Some fans feature built-in lighting. Others work with light kits, allowing dwellers to mix-and-match light fixtures and fitters to create a customized look.
When choosing lights for your ceiling fan, be sure they meet the room’s needs. Workspaces like kitchens and home offices demand bright light. Bedrooms and dining rooms, however, require more subdued illumination. Dimmer switches also allow you to adjust the light on a fan to fit your mood.
To create more relaxed lighting, consider the latest introduction — ceiling fans with indirect uplighting. ‘The uplight bounces ambient light off the ceiling to create a comfortable mood,’ says Jeffrey. Emerson debuted uplighting last year, combining it with more traditional downlighting in several models this season.
Like garage doors and television sets, some ceiling fans utilize remote controls to not only adjust lights, but operate the fan itself.
‘Everything else has a remote, why not a ceiling fan?’ says Casablanca’s Ball.
Tall ceilings and aging Baby Boomers make remotes a good idea. ‘The older population and couch potatoes don’t want to jump up and down to pull a chain on a fan,’ says Minka Aire’s Shepherd.
In addition to turning fans on and off, some remotes automatically adjust the fan based on changes in the room’s temperature, turn lights on and off when you’re not home and dim lights as you leave the room.
Ceiling fan prices are as diverse as the styles. Experts agree, however, that quality counts.
‘Customers are more educated than ever about the different grades of fans,’ says Allan Margolin, president of M&M Lighting, Inc., a Houston, TX., retail establishment. ‘Fans can cost up to $600 for a quality, deluxe model at a lighting showroom. Customers seem to be turning to the lighting showrooms and trading up to better merchandise, replacing ceiling fans that wobble, make noise and don’t move air as well as top quality fans.’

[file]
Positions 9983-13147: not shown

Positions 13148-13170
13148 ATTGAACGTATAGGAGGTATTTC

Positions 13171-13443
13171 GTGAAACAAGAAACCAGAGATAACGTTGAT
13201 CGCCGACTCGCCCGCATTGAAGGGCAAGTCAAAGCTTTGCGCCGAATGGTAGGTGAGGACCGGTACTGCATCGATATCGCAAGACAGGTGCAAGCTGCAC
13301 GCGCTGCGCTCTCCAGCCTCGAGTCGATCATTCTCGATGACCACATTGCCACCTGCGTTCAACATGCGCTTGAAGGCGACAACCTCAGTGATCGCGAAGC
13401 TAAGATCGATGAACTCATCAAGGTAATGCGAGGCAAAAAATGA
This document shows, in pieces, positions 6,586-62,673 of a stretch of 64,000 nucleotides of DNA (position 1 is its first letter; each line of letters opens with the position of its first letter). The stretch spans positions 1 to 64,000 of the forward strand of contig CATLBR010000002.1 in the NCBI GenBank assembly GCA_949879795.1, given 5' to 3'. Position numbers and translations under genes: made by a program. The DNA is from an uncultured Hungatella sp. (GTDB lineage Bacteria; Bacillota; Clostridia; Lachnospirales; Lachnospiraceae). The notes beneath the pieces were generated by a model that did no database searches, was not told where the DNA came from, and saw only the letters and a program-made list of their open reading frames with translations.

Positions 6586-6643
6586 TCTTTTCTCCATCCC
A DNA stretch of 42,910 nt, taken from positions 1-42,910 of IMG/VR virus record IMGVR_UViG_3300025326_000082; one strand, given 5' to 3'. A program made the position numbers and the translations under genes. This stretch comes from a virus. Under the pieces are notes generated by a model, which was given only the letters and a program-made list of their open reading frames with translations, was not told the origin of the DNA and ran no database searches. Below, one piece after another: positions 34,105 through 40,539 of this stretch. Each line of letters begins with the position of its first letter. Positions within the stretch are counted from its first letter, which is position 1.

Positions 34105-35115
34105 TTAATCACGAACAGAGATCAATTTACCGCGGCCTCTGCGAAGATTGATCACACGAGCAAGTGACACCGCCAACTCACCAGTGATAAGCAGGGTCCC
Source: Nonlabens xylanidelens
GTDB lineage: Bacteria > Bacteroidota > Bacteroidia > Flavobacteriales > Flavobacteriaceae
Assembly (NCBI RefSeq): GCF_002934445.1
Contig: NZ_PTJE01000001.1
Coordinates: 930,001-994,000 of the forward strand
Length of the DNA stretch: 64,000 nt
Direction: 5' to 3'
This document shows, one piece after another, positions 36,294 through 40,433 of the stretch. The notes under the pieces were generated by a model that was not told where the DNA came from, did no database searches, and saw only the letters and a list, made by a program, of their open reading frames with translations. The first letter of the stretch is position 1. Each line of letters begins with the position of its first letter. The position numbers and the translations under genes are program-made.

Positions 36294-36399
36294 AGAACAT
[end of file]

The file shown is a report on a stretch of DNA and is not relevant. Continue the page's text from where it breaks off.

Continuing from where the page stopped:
In fact, independent research from the American Lighting Association (ALA) indicates that 70% of consumers do not mind paying more for a higher quality product. The ALA points out that consumers will have the ceiling fan for many years so quality and style should be key factors in the buying decision.
ALA-member retail showrooms offer ceiling fans with the latest innovations in technology as well as style. Consumers can visit the ALA web site at www.americanlightingassoc.com for the name of the nearest lighting/fan showroom or call the association’s hotline at 800 BRIGHT IDEAS (800 274-4484).
CEILING FANS & ENERGY EFFICIENCY
Ceiling fans don’t actually lower the temperature of a room like an air condition. But by spinning the air, they do make the room feel cooler.
‘Ceiling fans augment air conditioning by moving air and creating a wind chill effect,’ says Martin Shepherd, national sales manager for Minka Aire, a ceiling fan manufacturer based in Corona, CA. ‘If your air conditioner is set at 72, the wind chill factor of the fan will make it feel like 68 degrees.’
Best of all, ceiling fans use only about as much energy as a 100-watt light bulb. Studies show that by setting ceiling fans to spin in a counter-clockwise pattern, you can save as much as 40% off summer cooling bills — without sweltering. Simply set the thermostat a few degrees higher and flip on the fan.
In the winter, ceiling fans move warm air back to the center of the room, pushing it down from the ceiling.
‘With tall ceilings, it can be 10-15 degrees hotter up there than on the floor,’ says Shepherd. ‘Ceiling fans can push that warm air back down to floor level.’
Studies also reveal that ceiling fans can help homeowners save as much as 10% on their heating bills. Switch the direction of the blades to spin clockwise and turn on the fan.